The composition and weathering of the continents over geologic time

Lipp, A.G.; Shorttle, O.; Sperling, E.; Brocks, J.J.; Cole, D.; Crockford, P.W.; Del Mouro, L.; Dewing, K.; Dornbos, S.Q.; Emmings, J.F. ORCID:; Farrell, U.C.; Jarrett, A.; Johnson, B.W.; Kabanov, P.; Keller, C.B.; Kunzmann, M.; Miller, A.J.; Mills, N.T.; O'Connell, B.; Peters, S.E.; Planavsky, N.J.; Ritzer, S.R.; Schoepfer, S.D.; Wilby, P.R.; Yang, J.. 2021 The composition and weathering of the continents over geologic time. Geochemical Perspectives Letters, 7. 21-26.

Before downloading, please read NORA policies.
Text (Open Access Paper)
Lipp_et_al_2021.pdf - Published Version
Available under License Creative Commons Attribution 4.0.

Download (2MB) | Preview


The composition of continental crust records the balance between construction by tectonics and destruction by physical and chemical erosion. Quantitative constraints on how igneous addition and chemical weathering have modified the continents’ bulk composition are essential for understanding the evolution of geodynamics and climate. Using novel data analytic techniques we have extracted temporal trends in sediments’ protolith composition and weathering intensity from the largest available compilation of sedimentary major element compositions: ∼15,000 samples from 4.0 Ga to the present. We find that the average Archean upper continental crust was silica-rich and had a similar compositional diversity to modern continents. This is consistent with an early Archean, or earlier, onset of plate tectonics. In the Archean, chemical weathering sequestered ∼25 % more CO2 per mass eroded for the same weathering intensity than in subsequent time periods, consistent with carbon mass balance despite higher Archean outgassing rates and more limited continental exposure. Since 2.0 Ga, over long (>0.5 Gyr) timescales, crustal weathering intensity has remained relatively constant. On shorter timescales over the Phanerozoic, weathering intensity is correlated to global climate state, consistent with a weathering feedback acting in response to changes in CO2 sources or sinks.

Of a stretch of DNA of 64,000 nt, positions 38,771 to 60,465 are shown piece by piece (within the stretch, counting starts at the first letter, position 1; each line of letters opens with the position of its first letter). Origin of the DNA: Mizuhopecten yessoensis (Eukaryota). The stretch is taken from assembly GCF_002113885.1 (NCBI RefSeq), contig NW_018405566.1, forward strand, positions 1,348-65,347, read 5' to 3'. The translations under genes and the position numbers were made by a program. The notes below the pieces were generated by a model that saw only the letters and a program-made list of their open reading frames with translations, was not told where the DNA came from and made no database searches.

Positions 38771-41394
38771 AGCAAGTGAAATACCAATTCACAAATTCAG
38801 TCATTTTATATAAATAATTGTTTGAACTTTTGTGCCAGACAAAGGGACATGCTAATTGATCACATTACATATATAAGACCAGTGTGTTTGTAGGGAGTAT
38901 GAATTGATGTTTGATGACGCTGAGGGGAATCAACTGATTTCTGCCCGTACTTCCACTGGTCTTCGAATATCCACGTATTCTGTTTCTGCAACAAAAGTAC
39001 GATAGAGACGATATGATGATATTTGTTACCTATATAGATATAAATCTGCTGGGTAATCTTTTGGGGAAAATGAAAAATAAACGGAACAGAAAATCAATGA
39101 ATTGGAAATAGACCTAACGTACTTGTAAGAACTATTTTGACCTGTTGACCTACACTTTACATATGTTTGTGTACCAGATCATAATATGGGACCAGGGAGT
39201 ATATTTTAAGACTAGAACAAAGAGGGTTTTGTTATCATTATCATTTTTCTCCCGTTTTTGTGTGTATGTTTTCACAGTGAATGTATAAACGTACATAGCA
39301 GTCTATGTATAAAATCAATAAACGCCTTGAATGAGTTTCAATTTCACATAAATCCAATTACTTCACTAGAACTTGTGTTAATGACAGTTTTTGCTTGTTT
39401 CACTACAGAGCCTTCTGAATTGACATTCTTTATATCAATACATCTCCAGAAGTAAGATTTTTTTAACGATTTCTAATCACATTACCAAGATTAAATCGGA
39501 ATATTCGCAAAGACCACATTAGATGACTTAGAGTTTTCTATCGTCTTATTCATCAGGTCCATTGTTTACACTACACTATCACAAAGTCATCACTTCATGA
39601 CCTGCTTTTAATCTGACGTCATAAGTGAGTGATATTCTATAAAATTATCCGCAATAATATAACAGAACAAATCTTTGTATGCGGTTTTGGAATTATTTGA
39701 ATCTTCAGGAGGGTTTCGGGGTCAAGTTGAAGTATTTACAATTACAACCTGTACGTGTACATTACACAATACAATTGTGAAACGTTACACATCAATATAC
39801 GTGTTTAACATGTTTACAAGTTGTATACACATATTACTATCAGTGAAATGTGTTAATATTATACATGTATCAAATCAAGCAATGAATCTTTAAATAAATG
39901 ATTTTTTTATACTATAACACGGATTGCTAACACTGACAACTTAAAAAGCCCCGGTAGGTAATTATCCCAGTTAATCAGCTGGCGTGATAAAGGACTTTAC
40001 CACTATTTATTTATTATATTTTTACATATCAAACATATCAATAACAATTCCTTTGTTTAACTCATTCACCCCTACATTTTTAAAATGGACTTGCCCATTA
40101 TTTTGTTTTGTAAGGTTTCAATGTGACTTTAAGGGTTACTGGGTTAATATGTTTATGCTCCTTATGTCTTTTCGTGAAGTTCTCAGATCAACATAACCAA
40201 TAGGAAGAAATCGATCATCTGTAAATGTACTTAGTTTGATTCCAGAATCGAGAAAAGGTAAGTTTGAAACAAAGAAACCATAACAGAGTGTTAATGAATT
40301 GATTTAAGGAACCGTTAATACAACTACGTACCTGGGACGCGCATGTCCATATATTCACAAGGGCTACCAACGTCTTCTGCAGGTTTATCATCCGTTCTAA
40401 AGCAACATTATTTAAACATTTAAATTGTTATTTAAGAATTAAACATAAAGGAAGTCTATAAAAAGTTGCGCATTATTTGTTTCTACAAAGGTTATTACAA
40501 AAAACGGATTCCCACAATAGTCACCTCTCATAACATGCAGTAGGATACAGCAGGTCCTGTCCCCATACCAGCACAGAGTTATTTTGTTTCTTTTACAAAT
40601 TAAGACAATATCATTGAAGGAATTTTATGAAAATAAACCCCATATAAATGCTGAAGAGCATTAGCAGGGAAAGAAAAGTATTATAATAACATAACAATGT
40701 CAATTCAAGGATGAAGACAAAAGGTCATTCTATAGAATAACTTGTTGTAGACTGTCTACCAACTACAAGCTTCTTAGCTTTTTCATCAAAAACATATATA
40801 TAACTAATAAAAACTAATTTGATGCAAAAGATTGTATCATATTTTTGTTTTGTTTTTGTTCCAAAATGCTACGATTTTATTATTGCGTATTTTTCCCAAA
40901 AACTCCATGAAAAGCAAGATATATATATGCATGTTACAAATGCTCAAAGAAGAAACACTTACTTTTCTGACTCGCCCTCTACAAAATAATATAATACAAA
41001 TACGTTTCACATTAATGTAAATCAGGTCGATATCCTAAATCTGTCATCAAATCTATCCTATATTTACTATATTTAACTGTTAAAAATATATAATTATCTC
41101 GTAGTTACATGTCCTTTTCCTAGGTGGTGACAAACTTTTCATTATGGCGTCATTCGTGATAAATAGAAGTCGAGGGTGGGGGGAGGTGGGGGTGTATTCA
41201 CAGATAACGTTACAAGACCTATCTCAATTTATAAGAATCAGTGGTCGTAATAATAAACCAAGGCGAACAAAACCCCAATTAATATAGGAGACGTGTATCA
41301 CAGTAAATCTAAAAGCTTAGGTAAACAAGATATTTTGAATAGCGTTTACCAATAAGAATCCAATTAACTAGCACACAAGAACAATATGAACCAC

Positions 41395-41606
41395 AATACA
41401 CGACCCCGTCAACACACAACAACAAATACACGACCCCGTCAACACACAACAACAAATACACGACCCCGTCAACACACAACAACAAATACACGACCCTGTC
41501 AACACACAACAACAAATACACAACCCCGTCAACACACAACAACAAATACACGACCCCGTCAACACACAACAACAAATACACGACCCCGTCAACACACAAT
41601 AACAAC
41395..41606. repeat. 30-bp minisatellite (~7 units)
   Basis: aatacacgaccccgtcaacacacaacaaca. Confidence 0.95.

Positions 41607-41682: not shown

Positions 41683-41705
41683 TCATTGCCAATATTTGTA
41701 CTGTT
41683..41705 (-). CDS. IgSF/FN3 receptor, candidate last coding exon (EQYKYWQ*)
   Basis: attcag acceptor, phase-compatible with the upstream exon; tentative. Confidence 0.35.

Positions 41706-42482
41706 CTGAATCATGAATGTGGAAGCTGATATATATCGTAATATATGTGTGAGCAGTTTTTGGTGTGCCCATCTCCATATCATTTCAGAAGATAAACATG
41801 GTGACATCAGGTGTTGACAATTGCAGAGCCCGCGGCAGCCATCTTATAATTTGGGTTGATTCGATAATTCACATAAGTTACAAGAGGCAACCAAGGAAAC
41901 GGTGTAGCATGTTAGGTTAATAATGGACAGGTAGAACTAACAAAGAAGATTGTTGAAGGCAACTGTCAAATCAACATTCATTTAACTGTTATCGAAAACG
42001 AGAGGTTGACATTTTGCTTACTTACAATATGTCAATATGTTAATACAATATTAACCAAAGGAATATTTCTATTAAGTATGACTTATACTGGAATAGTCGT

Item Type: Publication - Article
Digital Object Identifier (DOI):
NORA Subject Terms: Earth Sciences
Date made live: 15 Mar 2021 09:17 +0 (UTC)

Actions (login required)

View Item View Item

Document Downloads

Downloads for past 30 days

Downloads per month over past year

More statistics for this item...